How are security concerns and political chaos affecting Turkey's economy?
The consequences of July’s coup attempt, numerous terrorist attacks, a weak currency and heightened political uncertainty took a toll on the Turkish economy in the third quarter of 2016. Revised data show that GDP contracted for the first time in seven years, disappointing the markets and contrasting the previous quarter’s expansion. On balance, FocusEconomics panelists expect that the economy will expand 2.7% in 2017, which is down 0.3 percentage points from last month’s estimate.
Click the image to open full-size infographic
Turkey’s economy contracted for the first time in over seven years in the third quarter of 2016, reflecting the implications of July’s failed coup, the weakening lira and escalating political unrest. GDP contracted 1.8% from the same quarter of the previous year, contrasting the 4.5% increase seen in the second quarter. The print came in well below the 0.5% drop expected by the markets and was driven by a deterioration in private consumption and external demand. In December, the Turkish Statistical Institute (TurkStat) changed the methodology it uses to compute national accounts. Revised numbers show that the Turkish economy expanded 6.1% in 2015, up from the 4.0% expansion previously estimated. The growth rates for the first two quarters of 2016 were also revised substantially.
Private consumption dropped 3.2% in the third quarter, which contrasted the 3.7% increase seen in the second quarter and marked the lowest reading since Q1 2009. Even the impressive 23.8% increase in government consumption in Q3 (Q2: +13.7% year-on-year) was not enough to prevent the economy from contracting. On the external side of the economy, exports dropped 9.2% on an annual basis, deteriorating from the second quarter’s 2.1% drop. Moreover, growth in imports slowed from 7.2% in Q2 to 2.4% in Q3. As a result, the external sector’s net contribution to overall growth deteriorated from minus 2.6 percentage points in the second quarter to minus 2.9 percentage points in the third quarter, the lowest reading in nearly two years.
The GDP data release put pressure on the lira. The currency continued to depreciate against both the U.S. dollar and the Euro thereafter and hit a new low on 9 January following the latest terrorist attack in Istanbul and rising inflationary pressures. The deteriorating economic environment poses a challenge to the troubled government. A draft bill designed to give President Recep Tayyip Erdogan an executive presidency was approved in late December by a parliamentary commission. The changes will be debated this month in parliament and will possibly go to a referendum before passing into law. Erdogan’s campaign to change the constitution through a referendum broadly depends on the performance of the Turkish economy. Business and consumer confidence indices have plummeted since July’s coup attempt and tourism—a key source of growth—has been hit by the numerous terrorist attacks in the past months.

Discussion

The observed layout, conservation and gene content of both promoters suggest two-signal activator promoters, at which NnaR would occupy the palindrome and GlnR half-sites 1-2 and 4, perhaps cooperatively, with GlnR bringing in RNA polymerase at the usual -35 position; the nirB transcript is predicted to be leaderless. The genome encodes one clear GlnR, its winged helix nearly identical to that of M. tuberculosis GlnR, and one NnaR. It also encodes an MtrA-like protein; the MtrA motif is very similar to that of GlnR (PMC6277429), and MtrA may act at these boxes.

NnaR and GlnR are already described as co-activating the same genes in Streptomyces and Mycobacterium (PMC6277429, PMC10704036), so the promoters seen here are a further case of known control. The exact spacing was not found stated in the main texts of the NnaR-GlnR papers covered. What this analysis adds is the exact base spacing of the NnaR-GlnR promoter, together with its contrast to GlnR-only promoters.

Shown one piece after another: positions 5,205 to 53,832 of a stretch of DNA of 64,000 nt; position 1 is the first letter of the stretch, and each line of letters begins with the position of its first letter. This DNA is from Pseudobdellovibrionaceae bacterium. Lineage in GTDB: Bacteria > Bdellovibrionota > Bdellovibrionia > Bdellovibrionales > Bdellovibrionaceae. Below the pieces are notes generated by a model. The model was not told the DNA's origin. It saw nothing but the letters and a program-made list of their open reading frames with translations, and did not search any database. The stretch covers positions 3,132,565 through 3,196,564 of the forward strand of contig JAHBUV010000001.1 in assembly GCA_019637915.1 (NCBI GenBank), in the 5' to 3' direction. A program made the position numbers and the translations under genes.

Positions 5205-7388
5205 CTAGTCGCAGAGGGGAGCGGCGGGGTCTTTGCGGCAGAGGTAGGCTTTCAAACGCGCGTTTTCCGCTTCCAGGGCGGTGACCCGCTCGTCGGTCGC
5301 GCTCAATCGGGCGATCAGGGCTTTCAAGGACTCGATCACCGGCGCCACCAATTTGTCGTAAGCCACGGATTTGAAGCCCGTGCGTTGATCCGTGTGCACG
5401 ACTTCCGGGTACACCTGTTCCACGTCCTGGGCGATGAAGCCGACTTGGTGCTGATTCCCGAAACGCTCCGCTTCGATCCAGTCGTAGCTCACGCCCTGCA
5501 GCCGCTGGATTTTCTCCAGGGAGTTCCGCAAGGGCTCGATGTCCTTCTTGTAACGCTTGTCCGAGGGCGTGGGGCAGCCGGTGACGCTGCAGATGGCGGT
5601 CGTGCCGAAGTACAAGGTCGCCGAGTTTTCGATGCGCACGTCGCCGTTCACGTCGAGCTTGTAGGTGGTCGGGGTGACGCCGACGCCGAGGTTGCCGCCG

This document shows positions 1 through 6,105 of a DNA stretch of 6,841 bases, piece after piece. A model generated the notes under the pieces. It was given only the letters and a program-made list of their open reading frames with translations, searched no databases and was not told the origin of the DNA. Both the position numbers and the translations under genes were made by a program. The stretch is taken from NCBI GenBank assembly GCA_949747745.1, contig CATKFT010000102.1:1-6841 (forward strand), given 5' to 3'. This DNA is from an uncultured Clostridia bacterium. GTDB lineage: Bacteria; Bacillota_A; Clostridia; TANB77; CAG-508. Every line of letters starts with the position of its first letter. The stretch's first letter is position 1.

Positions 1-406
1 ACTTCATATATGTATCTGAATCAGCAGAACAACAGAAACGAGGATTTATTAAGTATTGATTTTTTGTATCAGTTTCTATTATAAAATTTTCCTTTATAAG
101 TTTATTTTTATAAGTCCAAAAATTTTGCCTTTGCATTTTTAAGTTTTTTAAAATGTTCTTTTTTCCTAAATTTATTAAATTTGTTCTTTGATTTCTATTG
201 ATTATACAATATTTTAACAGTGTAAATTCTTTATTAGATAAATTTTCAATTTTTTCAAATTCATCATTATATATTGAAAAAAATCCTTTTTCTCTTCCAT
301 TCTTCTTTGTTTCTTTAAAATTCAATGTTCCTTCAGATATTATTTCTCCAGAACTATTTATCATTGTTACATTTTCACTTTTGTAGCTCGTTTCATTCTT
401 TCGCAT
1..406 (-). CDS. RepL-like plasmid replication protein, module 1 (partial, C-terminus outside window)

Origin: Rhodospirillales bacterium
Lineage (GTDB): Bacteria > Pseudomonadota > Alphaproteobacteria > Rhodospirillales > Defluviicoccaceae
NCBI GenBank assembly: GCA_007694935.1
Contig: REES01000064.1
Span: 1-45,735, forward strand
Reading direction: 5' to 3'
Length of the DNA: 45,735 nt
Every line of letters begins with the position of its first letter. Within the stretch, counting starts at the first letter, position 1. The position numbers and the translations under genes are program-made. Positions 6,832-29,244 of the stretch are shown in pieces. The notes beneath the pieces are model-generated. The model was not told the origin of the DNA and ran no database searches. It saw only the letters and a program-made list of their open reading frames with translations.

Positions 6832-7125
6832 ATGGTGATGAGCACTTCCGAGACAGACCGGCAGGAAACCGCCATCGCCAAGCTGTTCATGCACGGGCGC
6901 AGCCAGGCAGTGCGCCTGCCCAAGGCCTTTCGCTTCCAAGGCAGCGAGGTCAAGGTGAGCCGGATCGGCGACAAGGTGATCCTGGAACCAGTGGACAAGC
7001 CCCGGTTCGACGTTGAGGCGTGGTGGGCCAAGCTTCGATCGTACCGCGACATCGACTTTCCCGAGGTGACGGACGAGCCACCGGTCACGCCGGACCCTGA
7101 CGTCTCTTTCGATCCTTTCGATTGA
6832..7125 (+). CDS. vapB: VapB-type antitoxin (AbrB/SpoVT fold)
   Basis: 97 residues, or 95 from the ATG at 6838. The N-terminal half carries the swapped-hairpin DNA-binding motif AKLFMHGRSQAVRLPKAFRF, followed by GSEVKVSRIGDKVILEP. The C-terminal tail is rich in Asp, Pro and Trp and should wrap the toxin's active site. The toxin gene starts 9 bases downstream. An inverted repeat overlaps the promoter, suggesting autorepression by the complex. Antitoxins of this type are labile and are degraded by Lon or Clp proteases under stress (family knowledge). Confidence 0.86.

The Turkish government expects the economy to expand 4.4% in 2017. FocusEconomics Consensus Forecast panelists are less optimistic and see GDP expanding 2.7% this year, which is down 0.3 percentage points from last month’s forecast. For 2018, the panel sees the economy growing 3.1%.
Disclaimer: The views and opinions expressed in this article are those of the authors and do not necessarily reflect the opinion of FocusEconomics S.L.U. Views, forecasts or estimates are as of the date of the publication and are subject to change without notice. This report may provide addresses of, or contain hyperlinks to, other internet websites. FocusEconomics S.L.U. takes no responsibility for the contents of third party internet websites.
Date: January 16, 2017
TagsBrexit UK Palladium Vietnam Emerging Markets France Base Metals Commodities Exchange Rate Nordic Economies Colombia Venezuela Bitcoin Resource Curse Infographic Eastern Europe Copper Canadian Economy USA Iran Exports Housing Market Greece Tunisia Ukraine Oil Japan Sub-Saharan Africa Australia Trade Base Metals public debt scotiabank Asean Economic Crisis TPS TPP Forex India G7 Asian Financial Crisis Banking Sector Economic Growth (GDP) MENA Economic Debt CIS Countries precious metals United States United Kingdom Budget deficit GDP Agricultural Commodities China Costa Rica; GDP; Budget Russia Commodities Draghi economic growth Company News oil prices Israel Political Risk Turkey Cryptocurrency Precious Metals Commodities Mexico Healthcare election Argentina Canada Consensus Forecast Unemployment rate IMF Asia European Union Africa Germany Nigeria Portugal Italy Brazil interview Latin America Cannabis Energy Commodities Lagarde Major Economies Inflation chile Spain OPEC Gold Central America Investment South Africa Economists Euro Area Eurozone
CIS economies saw inflation rise last year, especially in Russia and Ukraine, but forecasters project price pressur… https://t.co/2C7fkefxKc
16 hours ago
Merry Christmas & a Happy New Year from everyone at FocusEconomics! https://t.co/hvhP9PTvbR
3 weeks ago
1 month ago
What are the key issues facing the global economy in 2021? Download our latest special report, Focus 2021, for key… https://t.co/1JR8SvhA4X
1 month ago
Could stronger U.S. inflationary pressures and a weaker USD add upward price pressure on gold? Take a look at the… https://t.co/EHaep7mL3K
1 month ago